HPV Vaccine May Reduce Abnormal Pap Results for Young Women

Jennifer G. Allen
Published Online: Thursday, July 21st, 2016
Young women who get all 3 doses of the human papillomavirus (HPV) vaccine have fewer cervical cell anomalies in the future, recent study results found.
 
Researchers looked at Alberta province health data on HPV vaccinations and cervical cancer screenings, looking for a possible link between immunizations and Pap test results.
 
The study published in the Canadian Medical Association Journal identified 10,204 young women 18 to 21 years who had a Pap smear between 2012 and 2015. Of the study participants, 56% had never received an HPV vaccine, while 44% had received at least 1 dose of HPV vaccine through a school-based program initiated in 2008.
 
Of the women who had been vaccinated, 84% received 3 or more doses, although the intervals between shots varied and didn’t necessarily adhere to the minimum 6-month waiting period needed to develop lasting immunity. Among the unvaccinated women, 16.1% had cervical abnormalities in their pap smears, compared with 11.8% in the fully vaccinated group.
 
It’s believed that high-risk strains of HPV are responsible for virtually all cases of cervical cancer (>99%), as they can cause cell mutations that can lead to genital cancers in women and men. If the body clears the HPV infection, cells can return to normal. If not, cervical cells can continue to change abnormally into precancerous and cancerous stages.
 
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Writing on behalf of the research team, Huiming Yang, medical director of screening programs at Alberta Health Services, said the school-based HPV immunization program “has demonstrated early benefits, particularly against high-grade cervical abnormalities, which are more likely to progress to cervical cancer.”
 
Although school requirements have traditionally helped promote high vaccination rates for other immunizations, only 2 US states require the HPV vaccine for adolescents. As a result, HPV vaccination coverage is well below the Healthy People 2020 goal of 80%.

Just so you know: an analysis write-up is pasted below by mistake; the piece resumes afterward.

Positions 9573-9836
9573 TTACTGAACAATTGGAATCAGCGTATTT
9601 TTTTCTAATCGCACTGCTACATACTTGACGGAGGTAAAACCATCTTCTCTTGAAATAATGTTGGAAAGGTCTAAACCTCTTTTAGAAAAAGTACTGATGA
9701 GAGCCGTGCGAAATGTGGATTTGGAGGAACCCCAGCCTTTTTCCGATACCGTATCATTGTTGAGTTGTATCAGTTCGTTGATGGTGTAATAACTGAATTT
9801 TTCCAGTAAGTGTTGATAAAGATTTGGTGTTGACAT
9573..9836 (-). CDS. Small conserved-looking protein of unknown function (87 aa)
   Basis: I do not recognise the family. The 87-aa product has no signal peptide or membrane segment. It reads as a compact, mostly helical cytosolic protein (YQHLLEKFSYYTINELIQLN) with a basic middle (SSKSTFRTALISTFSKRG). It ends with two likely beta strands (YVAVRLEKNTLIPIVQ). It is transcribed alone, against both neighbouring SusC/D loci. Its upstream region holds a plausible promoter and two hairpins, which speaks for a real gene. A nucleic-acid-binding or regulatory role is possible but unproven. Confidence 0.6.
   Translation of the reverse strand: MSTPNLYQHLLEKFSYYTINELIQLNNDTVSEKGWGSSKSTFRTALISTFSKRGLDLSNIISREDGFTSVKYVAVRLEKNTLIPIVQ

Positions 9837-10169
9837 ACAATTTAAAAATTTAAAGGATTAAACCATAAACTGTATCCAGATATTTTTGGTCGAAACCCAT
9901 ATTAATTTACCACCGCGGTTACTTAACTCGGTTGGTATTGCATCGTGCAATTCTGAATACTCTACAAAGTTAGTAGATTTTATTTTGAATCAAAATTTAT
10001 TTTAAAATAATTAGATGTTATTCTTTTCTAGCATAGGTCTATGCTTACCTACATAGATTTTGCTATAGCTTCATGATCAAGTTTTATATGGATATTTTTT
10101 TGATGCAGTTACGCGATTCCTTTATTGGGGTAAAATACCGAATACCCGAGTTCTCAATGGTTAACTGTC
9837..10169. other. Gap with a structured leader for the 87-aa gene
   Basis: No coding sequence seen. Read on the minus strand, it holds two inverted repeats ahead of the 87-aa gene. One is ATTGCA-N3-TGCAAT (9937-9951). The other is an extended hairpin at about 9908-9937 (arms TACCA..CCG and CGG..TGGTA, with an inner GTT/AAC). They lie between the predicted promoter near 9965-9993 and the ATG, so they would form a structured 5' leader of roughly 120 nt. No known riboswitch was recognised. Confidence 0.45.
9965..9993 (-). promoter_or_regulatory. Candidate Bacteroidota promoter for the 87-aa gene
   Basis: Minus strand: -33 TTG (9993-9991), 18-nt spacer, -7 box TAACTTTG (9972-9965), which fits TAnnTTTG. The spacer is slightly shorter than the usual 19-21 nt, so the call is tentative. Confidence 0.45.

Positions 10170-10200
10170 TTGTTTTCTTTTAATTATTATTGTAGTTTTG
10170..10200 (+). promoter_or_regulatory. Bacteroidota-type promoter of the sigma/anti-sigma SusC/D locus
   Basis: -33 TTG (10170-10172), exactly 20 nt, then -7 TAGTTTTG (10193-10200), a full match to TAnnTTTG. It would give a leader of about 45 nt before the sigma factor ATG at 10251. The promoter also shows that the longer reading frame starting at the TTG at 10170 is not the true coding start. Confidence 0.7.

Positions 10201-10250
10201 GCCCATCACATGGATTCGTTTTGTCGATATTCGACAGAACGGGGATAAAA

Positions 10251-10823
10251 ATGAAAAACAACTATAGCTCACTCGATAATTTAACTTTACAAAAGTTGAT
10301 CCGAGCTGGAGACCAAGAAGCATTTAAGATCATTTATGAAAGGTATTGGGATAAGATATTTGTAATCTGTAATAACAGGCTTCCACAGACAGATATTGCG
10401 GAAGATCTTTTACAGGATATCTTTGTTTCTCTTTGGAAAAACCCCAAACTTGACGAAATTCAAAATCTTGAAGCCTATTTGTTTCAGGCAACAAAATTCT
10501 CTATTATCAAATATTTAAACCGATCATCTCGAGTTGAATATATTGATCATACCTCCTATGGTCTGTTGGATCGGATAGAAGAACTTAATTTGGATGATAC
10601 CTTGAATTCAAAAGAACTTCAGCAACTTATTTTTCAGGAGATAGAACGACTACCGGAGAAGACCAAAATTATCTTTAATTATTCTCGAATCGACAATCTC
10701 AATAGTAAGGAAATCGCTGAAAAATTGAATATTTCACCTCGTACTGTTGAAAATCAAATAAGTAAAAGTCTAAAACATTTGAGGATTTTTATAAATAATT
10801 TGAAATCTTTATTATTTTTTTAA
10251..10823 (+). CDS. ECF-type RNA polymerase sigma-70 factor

The HPV vaccine is currently required in only Virginia and Washington, DC, with Rhode Island joining the duo this August. This contrasts greatly with the varicella vaccine, which is required in all states; the hepatitis B vaccine, which is required in 47 states and DC; and the meningococcal vaccine, which is required in 29 states and DC.
 
Consequently, CDC data reveal that only 37.6% of girls and 13.9% of boys received the 3-dose HPV series in 2013.
 
The HPV vaccine is designed for women aged 11 to 12 years, but clinicians should encourage women as old as 26 years to get immunized if they haven’t received it yet. Clinicians should also be sure not to neglect boys, as the vaccine has been recommended for males since 2011, and a 2015 study published in Epidemics argued that deriving the greatest benefit from a vaccine program requires a strategy targeted at both genders.
 
According to Marc Ryser, PhD, “It is important to emphasize that the HPV vaccine is much more than a vaccine against cervical cancer, as it prevents a number of different cancers in both women and men.”
 
“In addition, vaccinated males provide indirect protection to their sexual partners, thereby increasing the population benefit of the vaccine,” he said.


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